During the 17th century or so, tattooing in Japan became both taboo and forbidden by law due to the popularity of Chinese culture in Japan and the popularity of tattoos among the underclass and the Yakuza mafia syndicates. Laws prohibiting tattoos in Japan were lifted after 1945, but this taboo still exists up to the present day. Despite this traditional taboo, a growing number of young people in Japan are becoming more and more open-minded about tattoos and getting some of their own.

The tiger in the tattoos often represent power and dominance. A resting tiger may represent dominance whereas an attacking tiger may represent power and aggression. This symbolism has made the tiger tattoos very popular in Asia over the centuries.

In Conclusion

Tiger have been a part of Chinese, Japanese, and Korean cultures for almost as long as they’ve been in existence. They’ve been in the artwork of these countries for many thousands of years and hopefully will remain in their artwork for many more centuries to come!

Thank you for stopping by and please come back! I will update this lens when time permits. Please remember to check in again for any new updates!

All images copyright: Wikimedia Commons.

Tiger Art Link List

You can read more about Asian tiger art and art from Asia in general at the sites below:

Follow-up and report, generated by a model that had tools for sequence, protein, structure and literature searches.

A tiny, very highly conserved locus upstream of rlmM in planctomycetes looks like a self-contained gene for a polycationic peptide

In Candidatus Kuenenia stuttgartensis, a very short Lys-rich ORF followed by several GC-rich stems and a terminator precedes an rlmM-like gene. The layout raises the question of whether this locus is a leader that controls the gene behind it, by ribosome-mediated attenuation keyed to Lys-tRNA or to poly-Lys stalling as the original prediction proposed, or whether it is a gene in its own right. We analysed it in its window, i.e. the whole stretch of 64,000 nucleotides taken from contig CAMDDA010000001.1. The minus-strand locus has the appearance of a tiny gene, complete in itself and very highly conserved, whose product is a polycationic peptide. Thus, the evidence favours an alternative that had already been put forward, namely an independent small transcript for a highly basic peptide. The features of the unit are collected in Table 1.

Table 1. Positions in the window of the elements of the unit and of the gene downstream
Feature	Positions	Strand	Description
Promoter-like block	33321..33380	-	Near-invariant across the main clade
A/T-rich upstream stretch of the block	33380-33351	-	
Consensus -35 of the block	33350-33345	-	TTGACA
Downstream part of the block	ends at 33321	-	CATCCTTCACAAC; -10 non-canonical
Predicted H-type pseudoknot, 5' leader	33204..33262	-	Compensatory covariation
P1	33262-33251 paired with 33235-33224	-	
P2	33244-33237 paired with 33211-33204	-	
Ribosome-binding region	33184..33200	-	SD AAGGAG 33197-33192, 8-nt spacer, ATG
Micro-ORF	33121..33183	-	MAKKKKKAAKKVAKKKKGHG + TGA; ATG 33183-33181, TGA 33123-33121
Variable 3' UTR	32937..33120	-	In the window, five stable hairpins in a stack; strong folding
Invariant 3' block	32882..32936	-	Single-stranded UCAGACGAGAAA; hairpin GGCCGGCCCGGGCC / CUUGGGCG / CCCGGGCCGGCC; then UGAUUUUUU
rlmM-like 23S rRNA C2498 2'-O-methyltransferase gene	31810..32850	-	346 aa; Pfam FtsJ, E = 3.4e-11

Japanese Tiger Art
Interested in tiger paintings from Japan? Be informed about the various mediums in which the Japanese have produced Japanese tiger art.

Tiger in Chinese culture – Wikipedia, the free encyclopedia
Wikipedia entry about the tiger in Chinese culture.

Chinese Tiger Art
The tiger has been a potent symbol in Chinese art throughout the history of the nation. The animal is one of the twelve characters of the zodiac calendar. As such the tiger is considered to have an authoritative personality that is considered to be t

About Korean Paintings
Another resource for Korean art that’s very in-depth and reliable.

Japanese Tiger Statue – The Old Tokaido
Blog entry about Japanese tiger statues.

Korean Focus eBulletin: White Tiger to Roar Loud and Proud in 2010
Very fascinating and in-depth article about the tiger in Korea and its place in Korean beliefs, culture, and society.

Japanese tattoos – what do they mean? Japanese Tattoos Designs & Symbols – Japanese tattoo meanings
Japanese tattoos – what do they mean? Tattoo Designs & Symbols – Japanese tattoo meanings

Japanese Tiger Tattoos
Interested in a tiger tattoo from Japan? Discover the age old traditions associated with Japanese tiger tattoos.

Tigers in Japanese Art at the Saint Louis Art Museum
Article about Japanese tiger art and the artists who painted them.

The Beautiful Oriental Art of Koson Ohara
Very comprehensive site about Koson Ohara. Featured on this site are a biography and many of his paintings.

The Asian History Blog
A new blog from yours truly pertaining to the history of Asia.

From the Same Author
While you’re at it, I would appreciate it very much if you would check out some of my other lenses related to Asian culture! All feedback on these is greatly appreciated.

Playwright Zoo

Playwright Zoo

Zoo playwriting?

A resource linking you to some of the coolest new trends as well as classics particular to playwrights and their craft. — And check out the Playwright Zoo Archive for past musings and featured artists.

Polar Bears

The coolest.